Sending out a message by buying back shares
Published: October 2, 2005 / Author: Amy Feldman
BUYBACKS are back, and portfolio managers are taking notice.
Companies have been repurchasing their own shares at record levels, and the trend shows no sign of letting up. In the first half of this year, share buybacks reached $163 billion, according to Standard & Poor’s, up 91 percent from the first six months of 2004. Howard Silverblatt, an equity market analyst at S.& P., estimates that they will surpass $300 billion for the year. That would be well above the $197 billion for all of 2004.
Companies are splurging on their own shares for a simple reason: they have a lot of cash and need to do something with it. Companies in the S.& P. 500-stock index have cash equal to 7.3 percent of their market value – slightly off the 7.7 percent peak reached earlier this year, which was the highest level since 1988.
That pile of cash accounts for not only the increase in stock buybacks, but also for rising dividend payouts and a higher level of activity in mergers and acquisitions.
“Companies have more cash than they know what to do with,” Mr. Silverblatt said. “The number is just huge, especially in an environment where it is cheap to get money. So companies have plenty of money to do buybacks.”
In general, buybacks are good for investors. After all, they represent a vote of confidence by management in the company’s stock. And all things being equal, buybacks increase the earnings for each share by decreasing the number of shares held by investors.
David L. Ikenberry, a finance professor at the University of Illinois at Urbana-Champaign who studies corporate buybacks, found that the stock price of companies that announced buybacks tended to outperform those that did not.
In an unpublished study of 7,725 announced corporate buybacks from 1980 to 2000, Mr. Ikenberry and three other researchers found that investors who held those stocks for four years earned a return that was 15.6 percentage points higher than that of a similar basket of stocks from companies that might or might not have announced repurchases. The results were consistent with a similar study published in the Journal of Financial Economics in October 1995 by Mr. Ikenberry and two other academics that focused on stock buybacks from 1980 to 1990. The study is at http://papers.ssrn.com/sol3/papers.cfm?abstract_id=686567.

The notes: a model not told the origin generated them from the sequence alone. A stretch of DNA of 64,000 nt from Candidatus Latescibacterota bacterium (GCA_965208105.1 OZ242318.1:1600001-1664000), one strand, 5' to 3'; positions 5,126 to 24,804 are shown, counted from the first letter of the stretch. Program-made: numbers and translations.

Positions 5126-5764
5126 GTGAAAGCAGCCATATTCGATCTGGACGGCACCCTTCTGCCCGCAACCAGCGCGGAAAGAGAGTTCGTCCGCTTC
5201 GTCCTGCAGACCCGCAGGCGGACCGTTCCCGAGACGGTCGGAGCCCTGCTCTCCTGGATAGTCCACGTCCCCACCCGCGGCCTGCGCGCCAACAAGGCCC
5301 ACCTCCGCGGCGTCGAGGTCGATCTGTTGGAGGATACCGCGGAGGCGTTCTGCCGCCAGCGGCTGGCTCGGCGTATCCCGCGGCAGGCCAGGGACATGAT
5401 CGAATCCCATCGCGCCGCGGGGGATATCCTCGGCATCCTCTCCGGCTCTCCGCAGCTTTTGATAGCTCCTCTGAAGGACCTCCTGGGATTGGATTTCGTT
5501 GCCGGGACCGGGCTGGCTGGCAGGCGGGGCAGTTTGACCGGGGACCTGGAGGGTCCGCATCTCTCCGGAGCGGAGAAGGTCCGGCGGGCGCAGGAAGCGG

“It is a phenomenon that is fairly robust,” Mr. Ikenberry said. “Companies buy back stock for all kinds of reasons. The biggest one is a perception of mispricing. So these stock buybacks are considered signals that management is confident of where the stock prices should be headed.”
Until legislation in 2003 cut the tax rate on qualified dividends to a maximum of 15 percent, there were tax advantages to share buybacks over dividend payouts. With the tax changes, however, dividend payouts – which have also been rising – and share buybacks have become more equal.
“A few years ago, we preferred stock buybacks over dividends because there used to be a tax rate difference,” said Ronald H. Muhlenkamp, manager of the Muhlenkamp Fund, which was up 28 percent a year, on average, in the three years through Thursday. “Today our preference is simply a matter of how high the stock is priced. If the stock is cheaply priced, we would prefer a buyback.”
Mr. Muhlenkamp said the question to ask when looking at buybacks was whether the company could get a better return by buying back shares, paying a dividend or expanding its business. “If they don’t have projects that can maintain their return on equity,” Mr. Muhlenkamp said, then the money should be paid to shareholders in a dividend or by repurchasing shares.
But not every buyback announcement is significant. Not all companies that say they will buy back shares actually do. And many buybacks – particularly among technology companies – are simply a way of offsetting the dilution that would otherwise accompany the exercise of stock options. “So many companies are doing buybacks, but they may not all be doing meaningful buybacks in the sense that they are big enough to give the company a reduced share count,” said David R. Fried, president of Fried Asset Management in Pacific Palisades, Calif., and editor of the online newsletter buybackletter.com.
That said, more companies are doing meaningful buybacks these days and some in huge quantity. Consider Exxon Mobil, the world’s largest energy company. As oil prices have soared, it has accumulated cash, and it has been sharply increasing its share repurchases, up to $5 billion in the third quarter from $3.7 billion in the second quarter.
S.& P. data shows that the number of companies that have reduced their outstanding shares by at least 0.5 percent has risen – to 81 companies in the second quarter from 62 in the first quarter, and the moves have started to affect corporate earnings.
AND the buyback announcements keep coming, sometimes from companies that have gone through tough times – like Time Warner and Motorola. “They’ve had some problems recently, and they’re trying to do some signaling to the market,” says Timothy Loughran, a finance professor at the University of Notre Dame. He compared current buybacks to the stock repurchases made after the stock market plunge in October 1987. “It’s been a pretty good signal,” he said. “And I think it is generally a positive signal for the market as a whole.”
If you’re interested in investing in companies that have had buybacks, Mr. Fried recommends looking at valuations as well as the size of the buyback programs. Among the stocks he likes are AutoZone, the auto parts retailer, trading at 12 times earnings; Intuit, the maker of Quicken software, trading at a multiple of 22; and Cigna, the insurer, at a multiple of 8. “We look for situations where you’ve got the buybacks and the valuations,” he said.